5 11, 2015

Parashat Hayyei Sarah

By |2015-11-05T19:02:56-05:00November 5, 2015|

The Art of Grounding

by Rabbi Jill Hammer

Recently, I’ve begun the practice of making sure I put my bare feet on the ground at least once a day. I find time to go into the park and touch the grass, soil, stones, tree roots with feet that are accustomed to wear socks and shoes. I consider this a “grounding” practice — a practice of returning to my base. When I do it, I feel calm and stability, and a sense of being more in touch with myself and the world.

The spiritual practice of grounding usually means finding strength or serenity through attaching to one’s foundation in body, earth, or spiritual practice. Some dictionary definitions for the word “grounding:” soil or earth; a surrounding area or background; something that serves as a foundation or means of attachment for something else; a basis for belief. Parashat Hayyei Sarah, which begins with the Read More >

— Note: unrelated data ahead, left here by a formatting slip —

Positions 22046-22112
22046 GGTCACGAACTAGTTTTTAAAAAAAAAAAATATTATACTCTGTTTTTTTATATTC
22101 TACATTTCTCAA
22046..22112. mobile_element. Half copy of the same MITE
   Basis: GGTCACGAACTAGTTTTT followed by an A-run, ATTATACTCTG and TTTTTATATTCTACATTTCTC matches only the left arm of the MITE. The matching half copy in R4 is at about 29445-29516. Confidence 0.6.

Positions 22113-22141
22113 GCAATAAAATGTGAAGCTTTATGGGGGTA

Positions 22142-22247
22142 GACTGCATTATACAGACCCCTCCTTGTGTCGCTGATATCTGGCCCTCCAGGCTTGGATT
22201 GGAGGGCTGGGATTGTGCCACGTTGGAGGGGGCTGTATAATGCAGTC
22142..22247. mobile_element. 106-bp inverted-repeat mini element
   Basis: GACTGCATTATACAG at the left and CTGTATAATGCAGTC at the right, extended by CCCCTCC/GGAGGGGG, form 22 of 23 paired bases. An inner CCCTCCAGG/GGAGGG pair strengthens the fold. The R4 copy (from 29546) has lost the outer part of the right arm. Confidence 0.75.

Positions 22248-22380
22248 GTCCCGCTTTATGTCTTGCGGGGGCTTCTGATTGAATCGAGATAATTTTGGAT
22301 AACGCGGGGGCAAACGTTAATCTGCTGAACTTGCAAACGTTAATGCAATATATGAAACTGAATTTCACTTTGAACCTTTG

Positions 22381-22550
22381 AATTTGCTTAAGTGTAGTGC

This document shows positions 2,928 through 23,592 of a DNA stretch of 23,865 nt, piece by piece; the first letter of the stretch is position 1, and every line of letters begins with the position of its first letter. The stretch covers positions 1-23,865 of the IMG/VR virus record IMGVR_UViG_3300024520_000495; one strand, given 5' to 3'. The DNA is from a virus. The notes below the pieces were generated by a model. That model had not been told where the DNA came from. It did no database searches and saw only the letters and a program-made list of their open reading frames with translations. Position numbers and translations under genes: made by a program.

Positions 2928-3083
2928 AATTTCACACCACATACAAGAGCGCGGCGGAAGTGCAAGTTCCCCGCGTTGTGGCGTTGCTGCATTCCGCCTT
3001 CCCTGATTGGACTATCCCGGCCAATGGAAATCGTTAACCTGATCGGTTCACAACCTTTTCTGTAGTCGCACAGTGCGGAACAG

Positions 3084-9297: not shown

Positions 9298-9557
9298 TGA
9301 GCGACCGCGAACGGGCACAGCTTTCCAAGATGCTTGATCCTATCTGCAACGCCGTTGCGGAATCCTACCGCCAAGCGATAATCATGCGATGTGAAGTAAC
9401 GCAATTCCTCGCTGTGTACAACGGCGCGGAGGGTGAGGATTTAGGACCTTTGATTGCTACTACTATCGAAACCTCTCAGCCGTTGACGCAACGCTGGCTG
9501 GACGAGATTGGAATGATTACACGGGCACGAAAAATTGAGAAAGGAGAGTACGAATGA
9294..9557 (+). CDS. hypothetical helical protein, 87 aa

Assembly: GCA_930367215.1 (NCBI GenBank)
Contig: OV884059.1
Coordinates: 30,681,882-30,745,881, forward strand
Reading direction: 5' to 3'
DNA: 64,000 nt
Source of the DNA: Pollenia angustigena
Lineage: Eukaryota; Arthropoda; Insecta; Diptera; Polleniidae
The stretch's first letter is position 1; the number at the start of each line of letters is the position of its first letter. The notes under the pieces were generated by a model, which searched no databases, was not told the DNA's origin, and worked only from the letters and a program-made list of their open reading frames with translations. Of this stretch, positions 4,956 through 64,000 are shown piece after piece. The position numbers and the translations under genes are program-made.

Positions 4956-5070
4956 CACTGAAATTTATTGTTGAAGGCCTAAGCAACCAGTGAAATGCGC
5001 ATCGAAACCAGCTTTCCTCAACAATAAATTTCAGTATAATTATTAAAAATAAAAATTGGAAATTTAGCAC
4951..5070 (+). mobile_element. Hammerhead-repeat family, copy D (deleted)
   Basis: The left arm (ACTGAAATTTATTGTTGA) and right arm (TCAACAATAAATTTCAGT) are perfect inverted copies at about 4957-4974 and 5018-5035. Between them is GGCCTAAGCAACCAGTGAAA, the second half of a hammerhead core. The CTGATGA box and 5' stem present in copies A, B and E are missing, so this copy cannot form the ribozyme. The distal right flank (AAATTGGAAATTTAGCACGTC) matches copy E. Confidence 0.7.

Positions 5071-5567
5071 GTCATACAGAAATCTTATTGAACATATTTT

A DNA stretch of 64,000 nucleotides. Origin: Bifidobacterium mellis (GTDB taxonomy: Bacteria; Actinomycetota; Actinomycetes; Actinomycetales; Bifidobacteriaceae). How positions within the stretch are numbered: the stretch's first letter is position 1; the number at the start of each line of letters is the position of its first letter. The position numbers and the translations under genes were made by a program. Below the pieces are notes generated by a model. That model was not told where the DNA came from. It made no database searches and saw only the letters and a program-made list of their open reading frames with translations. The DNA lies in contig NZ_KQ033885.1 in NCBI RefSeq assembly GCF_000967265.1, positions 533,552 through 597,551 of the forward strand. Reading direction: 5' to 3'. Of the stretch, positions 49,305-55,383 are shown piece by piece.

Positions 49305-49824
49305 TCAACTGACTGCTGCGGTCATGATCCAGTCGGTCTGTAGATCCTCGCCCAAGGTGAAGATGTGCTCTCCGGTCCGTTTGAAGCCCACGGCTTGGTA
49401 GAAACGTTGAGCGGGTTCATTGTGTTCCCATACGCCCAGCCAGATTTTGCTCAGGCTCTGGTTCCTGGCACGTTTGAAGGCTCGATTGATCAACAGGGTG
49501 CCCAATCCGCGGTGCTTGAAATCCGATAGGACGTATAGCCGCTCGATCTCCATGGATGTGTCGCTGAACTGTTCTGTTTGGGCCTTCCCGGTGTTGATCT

12 11, 2014

Parashat Hayyei Sarah

By |2014-11-12T14:32:23-05:00November 12, 2014|

“Where is Eliezer?”
by Rabbi Isaac Mann

This week’s Torah portion elaborates on two life-cycle events involving Abraham and his family — the death/burial of his wife Sarah and the betrothal/marriage of his son Isaac. There are some interesting similarities between them, most notably that both contain dialogues or speeches that seem either redundant or unnecessarily detailed or possibly both.

The first part of the sidra (Sabbath Torah portion) details Abraham’s quest for a burial place for Sarah and his verbal exchange with Ephron, who possessed the portion of land that the patriarch wanted to purchase as a burial plot. The second and longer part of Hayyei Sarah deals with the mission that Abraham assigns to his servant to find a wife for Isaac and how that mission is carried out. The latter can be divided into two sections. The first is the narrative itself, wherein we have Abraham’s assignment to the servant, the latter’s prayer Read More >